Windows DVD Maker .DV, Cute DV DVD Maker converter for Add Import DV video to Windows DVD Maker supported format for make/create DVD movies that can be played using DVD Player for Win 10 64bit, Win 8.1, Win 7.
Add DV movie to Windows DVD Maker, DV movie format, Digital Video (DV) is a digital video format launched in 1996, and, in its smaller tape form factor MiniDV, has since become a standard for home and semi-professional video production; dv file format is sometimes used for professional purposes as well, such as filmmaking and electronic news gathering (ENG).
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How to Convert DV to Windows DVD Maker for import DV to DVD Maker:
Free Download the Converter from Software-DOWNLOAD.NAME , install it and launch it, then:
- Click Add Files to import DV Videos to the converter
- Click Output Format pull down list to set the output video format
Here, we Select the Applications, DVD Maker
Or select Common Video, WMV Video
Click Output Settings button to set the output DVD Maker Video Quality, Video Size, Audio Quality etc
- Check Show more settings box
- Aspect Ratio
If you know what kind of screen you or your audience will use to watch the final DVD, you should use that information to decide which aspect ratio to select. For example, if you know that you will be watching the DVD on a 16:9 (widescreen) monitor or TV, select the 16:9 setting. However, if you plan to watch the DVD primarily on a 4:3 (standard) TV or monitor, you should select 4:3.
Click Start Button to start
- Click Open Output to check the output video
Windows DVD Maker and DV files:
The MOST reliable video format for Windows DVD Maker is WMV. There are other formats supported by Windows, but stick with wmv.
- Windows DVD Maker Supported Video Formats:
.asf, .avi, .dvr-ms, .m1v, .mp2, .mp2v, .mpe, .mpeg, .mpg, .mpv2, .wm, and .wmv;
- Window DVD Maker Supported Audio Formats:
.aif, .aifc, .aiff, .asf, .au, .mp2, .mp3, .mpa, .snd, .wav, and .wma;
- Windows DVD Maker Supported Picture Formats:
.bmp, .dib, .emf, .gif, .jfif, .jpe, .jpeg, .jpg, .png, .tif, .tiff, and .wmf.
How to import DV to Windows DVD Maker:
What file formats can I choose to import to DVD Maker?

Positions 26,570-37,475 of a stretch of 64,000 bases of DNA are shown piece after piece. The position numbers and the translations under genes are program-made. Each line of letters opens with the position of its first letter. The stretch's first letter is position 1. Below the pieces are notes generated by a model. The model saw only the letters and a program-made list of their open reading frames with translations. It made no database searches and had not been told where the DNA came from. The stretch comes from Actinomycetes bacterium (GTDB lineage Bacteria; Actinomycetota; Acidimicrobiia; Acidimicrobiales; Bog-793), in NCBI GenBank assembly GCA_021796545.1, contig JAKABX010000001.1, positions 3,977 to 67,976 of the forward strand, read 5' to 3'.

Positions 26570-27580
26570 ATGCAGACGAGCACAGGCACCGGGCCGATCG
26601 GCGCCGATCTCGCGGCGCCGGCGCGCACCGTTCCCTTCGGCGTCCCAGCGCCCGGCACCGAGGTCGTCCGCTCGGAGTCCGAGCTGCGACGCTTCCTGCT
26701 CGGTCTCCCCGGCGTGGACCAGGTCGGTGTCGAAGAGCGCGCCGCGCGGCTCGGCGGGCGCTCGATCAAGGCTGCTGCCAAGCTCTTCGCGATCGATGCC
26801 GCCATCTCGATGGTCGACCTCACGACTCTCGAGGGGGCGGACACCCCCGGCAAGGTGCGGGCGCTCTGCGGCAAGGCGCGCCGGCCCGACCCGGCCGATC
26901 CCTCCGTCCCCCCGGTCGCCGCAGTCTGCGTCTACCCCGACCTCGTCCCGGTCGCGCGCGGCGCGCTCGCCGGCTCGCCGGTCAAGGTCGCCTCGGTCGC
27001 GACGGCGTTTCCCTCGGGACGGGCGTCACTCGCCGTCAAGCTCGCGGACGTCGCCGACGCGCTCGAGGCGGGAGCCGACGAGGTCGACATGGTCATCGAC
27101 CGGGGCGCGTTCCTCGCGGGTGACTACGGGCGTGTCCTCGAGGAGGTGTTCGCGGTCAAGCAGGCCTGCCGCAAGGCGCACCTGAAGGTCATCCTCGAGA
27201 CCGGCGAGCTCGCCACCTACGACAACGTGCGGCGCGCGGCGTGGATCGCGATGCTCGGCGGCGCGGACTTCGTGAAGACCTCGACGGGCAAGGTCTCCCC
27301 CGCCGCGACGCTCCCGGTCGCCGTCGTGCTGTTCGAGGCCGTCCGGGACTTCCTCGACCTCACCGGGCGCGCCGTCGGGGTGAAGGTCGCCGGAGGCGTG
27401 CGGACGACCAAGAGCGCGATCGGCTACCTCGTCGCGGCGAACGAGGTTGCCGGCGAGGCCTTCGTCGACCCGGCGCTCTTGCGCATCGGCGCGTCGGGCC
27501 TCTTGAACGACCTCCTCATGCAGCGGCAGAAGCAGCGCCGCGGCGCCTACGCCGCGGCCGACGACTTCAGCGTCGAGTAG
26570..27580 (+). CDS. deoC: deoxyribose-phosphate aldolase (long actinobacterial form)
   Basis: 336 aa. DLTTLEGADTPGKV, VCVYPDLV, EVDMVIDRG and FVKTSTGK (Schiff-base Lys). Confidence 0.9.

You can choose to import video as a Windows Media Video (WMV) file or as an Audio Video Interleaved (DV) video file.
You can also choose to let Import Video create a WMV file for each clip on your videotape. For example, if there are eight clips on the videotape, Import Video can create eight separate WMV files.
What should I consider when choosing the format for imported video to WDM?
The movie editing software you plan to use to edit the imported video.
Choose to import video in a video format that is supported by the video editing tool you plan to use. For example, if the your video editing software supports editing DV video files or MPEG-2 files, choose Audio Video Interleaved (single file).
If you plan to use a video editing software that supports editing WMV files and you plan to use individual clips in your edited video, choose Windows Media Video (one file per scene).
Plans to record your final movie back to videotape.
If you plan to eventually record your final edited movie back to tape, choose Audio Video Interleaved (single file).
Available hard disk space.
If you have large amounts of video and audio to import to your computer, consider the hard disk space you have available. For example, if you choose to import the video as an DV file, one hour of video will consume about 13 gigabytes (GB) of hard disk space, while the same length of video imported and saved as a WMV file will consume approximately 1 GB of hard disk space.
The aspect ratio of the original movie on the videotape.
Depending on your DV camera and the camera settings at the time you recorded the original movie to tape, your movie might be recorded at an aspect ratio of 16:9 (widescreen) or 4:3 (standard). Choose a movie format and aspect ratio setting in Import Video that is the same as the recorded video on tape.
Computer system resources.
If you have a computer with limited system resources, such as a slower processor, lesser RAM, or a hard disk that does not have a lot of available free disk space, consider importing video as an WMV file, rather than a DV file. This can help prevent problems when importing video, such as dropping frames of video.
If you plan to allow dropped frames during the import process, choose Audio Video Interleaved (single file). If want to avoid dropping frames of video, consider importing video as a WMV file.
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